Congress wrapped up its summer work Tuesday without passing legislation to keep the Federal Aviation Administration open. Political bickering has partially shut it down – and may continue to until after Labor Day when Congress returns from its August recess.
The fight between Senate Democrats and House Republicans forced the FAA to temporarily lay off 4,000 employees nationwide including 79 in Alaska. So while Congress enjoys its August break, the workers are still furloughed. The partial shutdown has also halted airport construction projects, threatening 70,000 construction jobs, according to the Obama Administration. It’s costing $30 million a day in uncollected airline ticket taxes, far more than the amount of money the original dispute is over.
Alaska’s Congressional delegation implored leadership to fix the situation before leaving town. Senator Mark Begich blames one House member – Congressman John Mica of Florida, head of the Transportation Committee. He got legislation passed through the Republican led House that cuts subsidies to three rural airports in the Lower 48.
“Especially peak summer season, making sure the FAA is doing the job they need by doing the construction work that’s been scheduled that now will cost more, the revenue stream that goes to the airport, revenue not being collected now,” Begich said. “This petty politics is killing and hurting this industry because of one individual.”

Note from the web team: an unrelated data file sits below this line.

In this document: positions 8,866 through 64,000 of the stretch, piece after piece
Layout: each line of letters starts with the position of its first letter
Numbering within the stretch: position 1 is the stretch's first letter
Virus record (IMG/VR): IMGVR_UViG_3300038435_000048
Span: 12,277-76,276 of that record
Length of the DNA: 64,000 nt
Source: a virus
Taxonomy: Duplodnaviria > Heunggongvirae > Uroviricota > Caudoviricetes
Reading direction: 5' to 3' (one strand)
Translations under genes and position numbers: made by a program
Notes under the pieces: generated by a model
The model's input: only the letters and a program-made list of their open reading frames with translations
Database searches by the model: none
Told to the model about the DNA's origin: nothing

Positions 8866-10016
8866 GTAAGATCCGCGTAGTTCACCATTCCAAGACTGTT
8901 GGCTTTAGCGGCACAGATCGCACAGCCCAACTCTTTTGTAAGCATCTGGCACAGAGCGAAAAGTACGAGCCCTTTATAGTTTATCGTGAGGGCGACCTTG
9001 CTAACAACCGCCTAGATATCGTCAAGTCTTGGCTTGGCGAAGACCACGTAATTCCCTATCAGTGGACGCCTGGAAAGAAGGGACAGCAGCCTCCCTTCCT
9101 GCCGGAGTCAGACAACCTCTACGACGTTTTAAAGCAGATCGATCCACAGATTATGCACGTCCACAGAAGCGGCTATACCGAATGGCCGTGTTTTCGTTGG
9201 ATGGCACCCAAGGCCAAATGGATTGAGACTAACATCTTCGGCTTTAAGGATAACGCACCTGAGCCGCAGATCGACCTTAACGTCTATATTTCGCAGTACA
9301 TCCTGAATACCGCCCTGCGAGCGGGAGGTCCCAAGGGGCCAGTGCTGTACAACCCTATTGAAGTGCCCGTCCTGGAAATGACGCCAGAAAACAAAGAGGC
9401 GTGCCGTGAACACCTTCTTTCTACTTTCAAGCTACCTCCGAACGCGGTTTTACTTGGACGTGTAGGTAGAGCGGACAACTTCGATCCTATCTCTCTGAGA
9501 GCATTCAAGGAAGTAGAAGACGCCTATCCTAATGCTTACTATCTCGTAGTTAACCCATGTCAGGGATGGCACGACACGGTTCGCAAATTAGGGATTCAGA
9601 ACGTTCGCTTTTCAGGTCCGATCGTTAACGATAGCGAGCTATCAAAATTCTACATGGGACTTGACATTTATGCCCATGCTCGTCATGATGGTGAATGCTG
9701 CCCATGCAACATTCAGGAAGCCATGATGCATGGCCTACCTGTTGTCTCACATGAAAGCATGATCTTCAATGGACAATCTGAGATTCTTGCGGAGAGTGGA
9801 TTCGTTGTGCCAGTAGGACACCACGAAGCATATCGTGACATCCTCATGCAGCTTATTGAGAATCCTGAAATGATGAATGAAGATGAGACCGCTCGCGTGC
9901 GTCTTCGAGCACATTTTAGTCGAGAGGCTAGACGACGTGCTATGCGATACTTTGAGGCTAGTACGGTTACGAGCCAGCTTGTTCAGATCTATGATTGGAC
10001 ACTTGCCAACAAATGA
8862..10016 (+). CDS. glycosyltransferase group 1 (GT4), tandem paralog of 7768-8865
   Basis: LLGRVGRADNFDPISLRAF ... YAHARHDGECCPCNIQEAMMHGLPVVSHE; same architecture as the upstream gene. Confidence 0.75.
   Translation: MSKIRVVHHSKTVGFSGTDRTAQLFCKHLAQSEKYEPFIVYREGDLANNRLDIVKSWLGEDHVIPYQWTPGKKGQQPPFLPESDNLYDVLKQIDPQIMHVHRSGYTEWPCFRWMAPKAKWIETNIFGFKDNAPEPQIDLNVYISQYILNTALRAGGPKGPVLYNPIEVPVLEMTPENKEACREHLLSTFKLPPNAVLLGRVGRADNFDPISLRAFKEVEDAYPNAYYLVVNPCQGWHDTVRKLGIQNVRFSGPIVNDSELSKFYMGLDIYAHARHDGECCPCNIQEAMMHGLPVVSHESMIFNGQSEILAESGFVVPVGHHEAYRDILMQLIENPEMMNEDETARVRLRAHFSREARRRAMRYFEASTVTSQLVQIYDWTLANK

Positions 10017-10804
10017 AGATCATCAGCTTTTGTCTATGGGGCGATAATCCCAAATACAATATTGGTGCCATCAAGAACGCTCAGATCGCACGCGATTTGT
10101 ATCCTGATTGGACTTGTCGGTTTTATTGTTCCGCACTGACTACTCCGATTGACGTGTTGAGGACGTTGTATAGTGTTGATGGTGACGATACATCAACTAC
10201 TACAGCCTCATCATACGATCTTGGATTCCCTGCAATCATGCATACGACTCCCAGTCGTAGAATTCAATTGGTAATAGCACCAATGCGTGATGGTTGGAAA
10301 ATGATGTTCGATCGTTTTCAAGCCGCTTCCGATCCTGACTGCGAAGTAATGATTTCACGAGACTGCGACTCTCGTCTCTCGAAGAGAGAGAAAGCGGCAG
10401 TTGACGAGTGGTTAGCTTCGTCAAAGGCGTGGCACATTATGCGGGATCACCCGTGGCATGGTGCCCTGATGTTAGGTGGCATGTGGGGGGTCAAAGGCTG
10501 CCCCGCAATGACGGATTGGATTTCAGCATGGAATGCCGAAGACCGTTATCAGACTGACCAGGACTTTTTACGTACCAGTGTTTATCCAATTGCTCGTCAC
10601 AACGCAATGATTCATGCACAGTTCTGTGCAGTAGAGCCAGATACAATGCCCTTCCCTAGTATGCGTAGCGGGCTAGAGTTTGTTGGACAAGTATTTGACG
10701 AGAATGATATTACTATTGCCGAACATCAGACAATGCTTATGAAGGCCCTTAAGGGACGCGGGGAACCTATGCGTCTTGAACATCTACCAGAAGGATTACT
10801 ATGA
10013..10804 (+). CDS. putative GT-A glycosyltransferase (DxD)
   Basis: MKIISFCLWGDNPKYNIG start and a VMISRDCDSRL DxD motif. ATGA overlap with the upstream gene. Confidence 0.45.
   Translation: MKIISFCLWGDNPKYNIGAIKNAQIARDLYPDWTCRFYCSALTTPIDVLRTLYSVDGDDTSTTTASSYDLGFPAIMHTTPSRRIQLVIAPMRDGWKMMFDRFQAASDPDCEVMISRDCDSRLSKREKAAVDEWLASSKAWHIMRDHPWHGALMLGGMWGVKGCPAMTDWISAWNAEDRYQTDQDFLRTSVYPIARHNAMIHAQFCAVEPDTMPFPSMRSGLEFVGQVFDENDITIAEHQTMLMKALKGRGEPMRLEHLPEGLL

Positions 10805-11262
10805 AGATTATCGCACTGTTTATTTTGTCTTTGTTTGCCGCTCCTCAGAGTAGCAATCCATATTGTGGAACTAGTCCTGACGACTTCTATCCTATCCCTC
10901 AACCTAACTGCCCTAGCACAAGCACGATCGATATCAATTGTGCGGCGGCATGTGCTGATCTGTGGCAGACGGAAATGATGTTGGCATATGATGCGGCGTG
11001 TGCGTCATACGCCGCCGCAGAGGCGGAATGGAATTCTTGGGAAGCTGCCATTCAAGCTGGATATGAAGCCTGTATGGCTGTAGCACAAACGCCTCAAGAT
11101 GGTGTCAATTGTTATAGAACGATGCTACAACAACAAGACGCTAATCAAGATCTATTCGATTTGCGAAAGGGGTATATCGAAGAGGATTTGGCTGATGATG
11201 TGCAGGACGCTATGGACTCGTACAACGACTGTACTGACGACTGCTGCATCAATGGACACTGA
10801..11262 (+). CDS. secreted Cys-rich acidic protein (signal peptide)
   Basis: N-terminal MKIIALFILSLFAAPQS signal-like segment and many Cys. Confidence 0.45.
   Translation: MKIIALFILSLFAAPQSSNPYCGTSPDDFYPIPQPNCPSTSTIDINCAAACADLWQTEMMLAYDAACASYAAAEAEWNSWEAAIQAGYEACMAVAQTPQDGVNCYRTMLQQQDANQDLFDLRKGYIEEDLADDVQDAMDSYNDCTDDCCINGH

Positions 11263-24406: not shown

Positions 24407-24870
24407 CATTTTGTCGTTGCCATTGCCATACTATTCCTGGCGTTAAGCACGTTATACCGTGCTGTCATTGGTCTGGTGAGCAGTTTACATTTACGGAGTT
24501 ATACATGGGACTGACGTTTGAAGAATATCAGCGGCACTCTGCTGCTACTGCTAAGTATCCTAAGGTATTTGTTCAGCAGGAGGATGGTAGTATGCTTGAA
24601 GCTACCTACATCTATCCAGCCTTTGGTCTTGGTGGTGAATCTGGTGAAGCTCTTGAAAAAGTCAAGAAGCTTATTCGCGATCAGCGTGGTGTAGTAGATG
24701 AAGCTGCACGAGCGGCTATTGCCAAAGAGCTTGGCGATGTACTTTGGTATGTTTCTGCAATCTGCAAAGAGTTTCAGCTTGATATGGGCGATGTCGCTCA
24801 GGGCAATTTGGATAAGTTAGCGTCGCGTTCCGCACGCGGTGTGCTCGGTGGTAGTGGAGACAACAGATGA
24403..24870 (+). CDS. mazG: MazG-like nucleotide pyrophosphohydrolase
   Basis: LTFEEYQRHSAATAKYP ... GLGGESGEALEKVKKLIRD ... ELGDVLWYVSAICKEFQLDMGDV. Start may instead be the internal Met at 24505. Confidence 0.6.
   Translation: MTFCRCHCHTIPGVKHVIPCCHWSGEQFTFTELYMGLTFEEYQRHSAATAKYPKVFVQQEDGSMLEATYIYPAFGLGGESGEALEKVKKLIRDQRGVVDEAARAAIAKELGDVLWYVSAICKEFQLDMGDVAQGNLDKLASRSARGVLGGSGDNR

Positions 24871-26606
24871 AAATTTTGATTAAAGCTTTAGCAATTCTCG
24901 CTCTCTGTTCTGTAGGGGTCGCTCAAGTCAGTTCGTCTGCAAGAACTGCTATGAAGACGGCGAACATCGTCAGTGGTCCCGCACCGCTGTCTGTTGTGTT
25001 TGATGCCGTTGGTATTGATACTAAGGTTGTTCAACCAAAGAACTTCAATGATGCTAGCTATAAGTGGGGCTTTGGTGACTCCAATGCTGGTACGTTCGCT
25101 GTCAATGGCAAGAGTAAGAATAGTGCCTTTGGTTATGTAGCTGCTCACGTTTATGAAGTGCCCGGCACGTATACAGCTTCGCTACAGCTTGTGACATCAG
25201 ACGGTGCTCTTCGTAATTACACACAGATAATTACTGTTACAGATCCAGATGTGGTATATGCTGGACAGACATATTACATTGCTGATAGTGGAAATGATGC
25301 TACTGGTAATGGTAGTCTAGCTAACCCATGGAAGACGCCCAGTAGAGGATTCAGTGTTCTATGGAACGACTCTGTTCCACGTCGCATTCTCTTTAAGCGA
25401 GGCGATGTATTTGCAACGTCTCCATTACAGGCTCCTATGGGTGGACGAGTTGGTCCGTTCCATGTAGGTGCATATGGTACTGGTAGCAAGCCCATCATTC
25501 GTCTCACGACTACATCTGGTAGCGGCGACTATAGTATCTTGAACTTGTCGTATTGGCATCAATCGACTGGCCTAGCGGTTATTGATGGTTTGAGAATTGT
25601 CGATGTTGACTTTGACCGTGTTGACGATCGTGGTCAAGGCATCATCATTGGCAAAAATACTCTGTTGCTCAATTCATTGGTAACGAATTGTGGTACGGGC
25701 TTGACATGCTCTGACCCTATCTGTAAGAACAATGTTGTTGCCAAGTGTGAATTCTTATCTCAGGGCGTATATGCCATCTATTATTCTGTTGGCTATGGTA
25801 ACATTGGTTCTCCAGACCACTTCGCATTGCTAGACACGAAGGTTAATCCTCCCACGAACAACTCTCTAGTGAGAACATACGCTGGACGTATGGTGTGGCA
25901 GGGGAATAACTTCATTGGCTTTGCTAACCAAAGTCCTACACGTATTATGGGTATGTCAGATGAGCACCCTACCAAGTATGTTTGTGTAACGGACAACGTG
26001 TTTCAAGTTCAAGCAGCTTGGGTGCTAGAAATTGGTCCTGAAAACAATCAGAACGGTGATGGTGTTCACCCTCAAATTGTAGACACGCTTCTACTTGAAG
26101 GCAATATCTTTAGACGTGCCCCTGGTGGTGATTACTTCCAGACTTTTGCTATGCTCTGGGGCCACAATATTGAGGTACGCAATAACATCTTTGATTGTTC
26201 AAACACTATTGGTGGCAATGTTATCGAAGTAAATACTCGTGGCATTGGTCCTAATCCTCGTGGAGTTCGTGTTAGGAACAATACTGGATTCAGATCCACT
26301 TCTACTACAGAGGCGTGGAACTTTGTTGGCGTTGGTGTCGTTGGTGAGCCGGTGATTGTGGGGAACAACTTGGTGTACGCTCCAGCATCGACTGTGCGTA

Democrats say Mica is holding hostage funding for rural airports because the Senate didn’t accept anti-union legislation. The short term extension passed by the House does not include the labor issue, but Democrats say Mica is playing politics and they won’t pass it.
Even though Congressman Don Young is a Republican he does not like Mica’s legislation. But he missed the vote on it last month because he was out of town.
Congress is going home until Labor Day but the bodies will be in what are called “pro forma sessions,” briefly gaveling in every few days even though members are gone. So if there’s agreement on the FAA issue, a bill could be passed. But until then workers are off the job, projects are in full stop, and the government could lose more than a billion dollars in uncollected taxes.